, and a long list of decisions of the Court of Appeals that whether or not the basis of petitioners claim constitutes a lawful right, can not be reached by demurrer. The demurrer challenges the legal sufficiency of the petition and the right of petitioners to have their dispute based thereon tried. If not, the demurrer requires a dismissal since there is no legal right shown.
2. The heart of the case is a purported reverter clause in the deed conveying the lands herein involved in fee simple from Muscogee County to the State Highway Department. That clause is as follows: "In case the right of way is abandoned as a highway location, same shall revert to the property from which it is taken." (Italics ours). No sound construction of this clause can overlook the words we have emphasized. First, this record shows that the county owned only the right of way which it conveyed in fee simple by its deed containing this clause. It must inevitably follow that the right of way was at that time taken from no other property, and that by its terms it could revert to no property except that from which it was by that deed taken, which was precisely nothing. We are not here dealing with a petition to reform the reverter clause; therefore we have no choice but to accept its unambiguous term, "property from which it is taken." We can not by judicial fiat change this term to make it read: "from which it was taken by the previous deed from Heard to Muscogee County." Indeed, we can not alter the clause, and as written it does not refer to the abutting lands since the county's deed did not take it from such lands.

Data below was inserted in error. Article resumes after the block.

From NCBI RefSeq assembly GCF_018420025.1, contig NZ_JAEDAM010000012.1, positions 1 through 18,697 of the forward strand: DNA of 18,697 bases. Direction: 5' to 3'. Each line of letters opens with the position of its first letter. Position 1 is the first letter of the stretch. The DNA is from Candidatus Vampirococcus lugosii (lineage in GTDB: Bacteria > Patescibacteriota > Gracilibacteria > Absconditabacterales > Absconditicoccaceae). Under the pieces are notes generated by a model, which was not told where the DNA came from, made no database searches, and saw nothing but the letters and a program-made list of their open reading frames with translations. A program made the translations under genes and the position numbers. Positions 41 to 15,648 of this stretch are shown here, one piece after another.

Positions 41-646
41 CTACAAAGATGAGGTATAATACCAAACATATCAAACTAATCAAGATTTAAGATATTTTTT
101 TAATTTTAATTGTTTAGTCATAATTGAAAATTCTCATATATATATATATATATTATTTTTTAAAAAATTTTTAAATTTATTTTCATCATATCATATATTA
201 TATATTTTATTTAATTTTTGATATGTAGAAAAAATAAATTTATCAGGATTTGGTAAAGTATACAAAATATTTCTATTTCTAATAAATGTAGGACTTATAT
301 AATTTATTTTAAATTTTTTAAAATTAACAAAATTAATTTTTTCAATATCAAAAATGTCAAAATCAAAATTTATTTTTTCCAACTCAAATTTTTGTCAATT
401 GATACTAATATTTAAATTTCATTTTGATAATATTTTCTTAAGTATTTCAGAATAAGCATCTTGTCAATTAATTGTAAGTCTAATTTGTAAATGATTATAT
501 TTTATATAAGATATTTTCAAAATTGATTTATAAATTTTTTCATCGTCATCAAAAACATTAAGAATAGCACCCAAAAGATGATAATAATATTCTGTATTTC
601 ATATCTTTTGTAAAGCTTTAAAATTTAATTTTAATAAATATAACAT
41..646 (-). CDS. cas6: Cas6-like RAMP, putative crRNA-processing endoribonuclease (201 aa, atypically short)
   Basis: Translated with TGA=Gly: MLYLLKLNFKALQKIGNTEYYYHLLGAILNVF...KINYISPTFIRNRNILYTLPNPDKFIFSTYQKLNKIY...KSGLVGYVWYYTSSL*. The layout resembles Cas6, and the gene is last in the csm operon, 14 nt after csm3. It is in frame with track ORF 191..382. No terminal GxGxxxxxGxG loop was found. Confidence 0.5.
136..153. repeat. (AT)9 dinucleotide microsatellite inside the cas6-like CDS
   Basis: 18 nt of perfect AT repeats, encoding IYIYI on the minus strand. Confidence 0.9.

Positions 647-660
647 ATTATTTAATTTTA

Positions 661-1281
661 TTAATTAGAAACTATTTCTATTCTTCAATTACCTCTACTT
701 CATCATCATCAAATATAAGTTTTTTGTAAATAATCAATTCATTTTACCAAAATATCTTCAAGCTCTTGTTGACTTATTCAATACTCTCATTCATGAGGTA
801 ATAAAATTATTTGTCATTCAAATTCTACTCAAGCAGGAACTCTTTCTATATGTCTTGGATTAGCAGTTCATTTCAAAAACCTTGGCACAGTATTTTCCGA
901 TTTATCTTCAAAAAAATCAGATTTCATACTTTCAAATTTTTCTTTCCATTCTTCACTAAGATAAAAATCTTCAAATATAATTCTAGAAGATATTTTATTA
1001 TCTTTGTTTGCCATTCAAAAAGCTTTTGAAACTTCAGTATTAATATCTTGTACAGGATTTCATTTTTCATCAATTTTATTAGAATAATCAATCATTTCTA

While what we have said demonstrates that the petitioners as owners of the abutting lands received nothing under this reverter clause, we note further that only a person or legal entity can receive title to land; consequently, to revert to property is not vesting title thereto in the owners of that property. Although no reason appears why the county would wish to donate this land to just anyone who might own the adjoining lands, it is possible that the county wished to do that. Had that been the intention, the county could have said so by providing that it would revert to the owners of the abutting land. If the parties to the deed could not write these directions for reversion but deliberately employed terms that did not accomplish that result, this court will not so write for them contrary to the law that requires us to accept the clause as written.
For the foregoing reasons the reverter clause is too indefinite to be valid and is a nullity. Consequently, the petition with its exhibits, including the deed containing this clause, shows an its face that the petitioners have no title or interest in the subject matter of the suit, and it should have been dismissed an demurrer. The court erred in failing to do so.
Judgment reversed. All the Justices concur.